Yvette Ashiri shares what it is like to run for city council as a Black woman

A professional headshot of Yvette Ashiri with a white background.Yvette Ashiri shared with CHUO the lessons she learned while running for City Council. Photo courtesy of Yvette Ashiri.

Community, Politics

In the summer of 2020, Yvette Ashiri was one of two Black women running for Ottawa City Council in the Cumberland by-election. Ashiri’s campaign garnered significant support and she finished second. Despite over 1,000 voters supporting Ashiri, she still felt as though she faced barriers due to her gender and race. 

“When it comes to the state of democracy, it is very unbalanced. We need to have a city council that is well balanced and is representative of all the constituents in Ottawa,” Ashiri said. “The barriers come from the fact that we are only seeing the same people in city council.” 

Only eight of Ottawa’s 24 wards are represented by female city councillors and none of those female councillors are Black. Ashiri said that the lack of diversity in city council makes it difficult for candidates who represent more diverse communities in Ottawa. 

“As a Black woman, one thing that I saw that bothered me is there were two Black females running for city council. Sometimes at the door, you were mistaken for the other candidate,” Ashiri said. “It’s like people are assuming all Black people are the same. I was my own candidate.”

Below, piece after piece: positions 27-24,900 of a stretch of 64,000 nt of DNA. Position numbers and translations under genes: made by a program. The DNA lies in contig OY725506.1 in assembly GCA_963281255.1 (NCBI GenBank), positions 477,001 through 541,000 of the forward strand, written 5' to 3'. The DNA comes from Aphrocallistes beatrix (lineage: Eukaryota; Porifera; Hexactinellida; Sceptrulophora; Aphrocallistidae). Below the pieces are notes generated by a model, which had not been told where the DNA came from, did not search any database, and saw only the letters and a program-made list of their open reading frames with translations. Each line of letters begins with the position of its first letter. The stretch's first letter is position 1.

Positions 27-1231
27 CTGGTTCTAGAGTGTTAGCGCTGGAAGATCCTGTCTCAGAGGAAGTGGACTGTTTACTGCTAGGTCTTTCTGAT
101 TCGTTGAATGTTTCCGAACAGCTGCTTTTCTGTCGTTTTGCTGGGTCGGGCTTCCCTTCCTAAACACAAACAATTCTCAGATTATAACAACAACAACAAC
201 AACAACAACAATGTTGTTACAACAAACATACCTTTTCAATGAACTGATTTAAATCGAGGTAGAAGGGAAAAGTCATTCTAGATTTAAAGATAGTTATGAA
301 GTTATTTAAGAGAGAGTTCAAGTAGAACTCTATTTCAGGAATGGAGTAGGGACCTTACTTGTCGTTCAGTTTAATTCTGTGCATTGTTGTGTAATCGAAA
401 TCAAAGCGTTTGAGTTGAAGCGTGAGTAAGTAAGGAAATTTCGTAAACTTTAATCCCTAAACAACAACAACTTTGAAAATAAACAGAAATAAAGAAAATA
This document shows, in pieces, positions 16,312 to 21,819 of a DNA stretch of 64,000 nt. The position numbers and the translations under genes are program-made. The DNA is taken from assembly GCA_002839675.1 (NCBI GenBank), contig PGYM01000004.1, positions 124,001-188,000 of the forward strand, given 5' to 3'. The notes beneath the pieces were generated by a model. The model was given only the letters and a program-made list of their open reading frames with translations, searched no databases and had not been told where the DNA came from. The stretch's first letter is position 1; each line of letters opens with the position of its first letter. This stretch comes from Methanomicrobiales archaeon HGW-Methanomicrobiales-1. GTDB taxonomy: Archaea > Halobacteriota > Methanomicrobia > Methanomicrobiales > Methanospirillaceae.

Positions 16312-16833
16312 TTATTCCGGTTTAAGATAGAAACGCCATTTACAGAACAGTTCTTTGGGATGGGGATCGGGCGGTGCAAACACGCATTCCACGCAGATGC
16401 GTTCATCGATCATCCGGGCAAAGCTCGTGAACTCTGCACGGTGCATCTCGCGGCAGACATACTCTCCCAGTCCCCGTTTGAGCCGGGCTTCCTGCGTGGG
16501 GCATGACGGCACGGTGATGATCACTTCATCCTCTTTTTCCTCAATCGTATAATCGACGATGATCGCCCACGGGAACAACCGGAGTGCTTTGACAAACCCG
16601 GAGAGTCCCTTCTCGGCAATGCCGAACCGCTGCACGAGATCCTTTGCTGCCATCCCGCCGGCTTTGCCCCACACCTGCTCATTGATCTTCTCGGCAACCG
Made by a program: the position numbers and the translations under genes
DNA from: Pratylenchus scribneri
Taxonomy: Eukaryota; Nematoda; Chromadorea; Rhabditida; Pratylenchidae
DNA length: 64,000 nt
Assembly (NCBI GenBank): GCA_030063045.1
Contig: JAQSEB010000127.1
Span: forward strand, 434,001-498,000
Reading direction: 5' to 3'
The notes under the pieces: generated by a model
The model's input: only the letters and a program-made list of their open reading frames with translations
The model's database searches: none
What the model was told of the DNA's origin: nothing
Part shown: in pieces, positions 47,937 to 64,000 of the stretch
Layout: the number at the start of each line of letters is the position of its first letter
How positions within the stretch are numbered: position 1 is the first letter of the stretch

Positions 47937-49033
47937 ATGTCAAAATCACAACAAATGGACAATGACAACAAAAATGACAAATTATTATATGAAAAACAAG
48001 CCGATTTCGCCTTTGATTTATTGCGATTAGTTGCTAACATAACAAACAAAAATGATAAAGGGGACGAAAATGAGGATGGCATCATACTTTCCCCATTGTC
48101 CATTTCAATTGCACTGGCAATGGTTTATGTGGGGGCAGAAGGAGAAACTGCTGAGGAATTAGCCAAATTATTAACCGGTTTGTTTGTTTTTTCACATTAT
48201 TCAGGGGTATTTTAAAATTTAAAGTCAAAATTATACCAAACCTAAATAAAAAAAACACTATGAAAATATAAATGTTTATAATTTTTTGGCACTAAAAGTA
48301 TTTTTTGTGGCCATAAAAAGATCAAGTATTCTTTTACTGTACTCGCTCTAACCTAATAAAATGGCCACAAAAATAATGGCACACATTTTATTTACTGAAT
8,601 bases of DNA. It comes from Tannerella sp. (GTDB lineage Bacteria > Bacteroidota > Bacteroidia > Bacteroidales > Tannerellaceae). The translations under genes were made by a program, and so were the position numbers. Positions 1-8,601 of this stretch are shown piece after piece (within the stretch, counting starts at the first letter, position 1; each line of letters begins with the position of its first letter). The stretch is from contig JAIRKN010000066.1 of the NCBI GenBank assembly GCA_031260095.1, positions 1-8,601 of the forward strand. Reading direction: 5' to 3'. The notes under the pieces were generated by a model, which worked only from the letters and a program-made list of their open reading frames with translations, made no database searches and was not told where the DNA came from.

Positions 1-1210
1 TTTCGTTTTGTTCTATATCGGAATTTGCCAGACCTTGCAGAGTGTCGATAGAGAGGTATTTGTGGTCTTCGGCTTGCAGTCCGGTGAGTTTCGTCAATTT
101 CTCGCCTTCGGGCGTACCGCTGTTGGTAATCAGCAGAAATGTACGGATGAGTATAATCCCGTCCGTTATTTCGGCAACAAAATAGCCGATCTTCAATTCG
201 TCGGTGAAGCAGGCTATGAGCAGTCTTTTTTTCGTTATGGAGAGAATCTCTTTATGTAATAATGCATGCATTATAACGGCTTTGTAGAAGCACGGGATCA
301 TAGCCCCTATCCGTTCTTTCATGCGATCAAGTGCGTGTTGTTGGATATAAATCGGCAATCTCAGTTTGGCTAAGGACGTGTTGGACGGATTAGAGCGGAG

Ashiri also said in a text message that she felt sometimes as though she was not wanted in the election. The night before the election, she said some of her signs were removed and left in a park.

But, challenges aside, Ashiri’s campaign received a lot of support and she feels as though her work was important in providing representation. Ashiri said one of the first calls she got from a citizen was from one of her daughter’s schoolmates. The child saw her sign on the street and called the displayed number.

“To me, that was very encouraging,” Ashri said. “If a little child can feel connected by seeing me on those signs, it just gives them the desire to become a city councillor, to be become the prime minister or to become whatever they want to become.”

In honour of International Women’s day this week, Ashiri encourages other women to get into politics and pursue their goals. 

“When there is a will, there is a way,” Ashiri said. “It is important to acknowledge yourself, your capacity and your strength.”

Though it may be a daunting challenge, Ashiri said it is important for women to recognize their capabilities and bring their skills to the world. 

“We can set a very strong legacy for the younger generation, for all the other women and for all the young girls,” Ashiri said.

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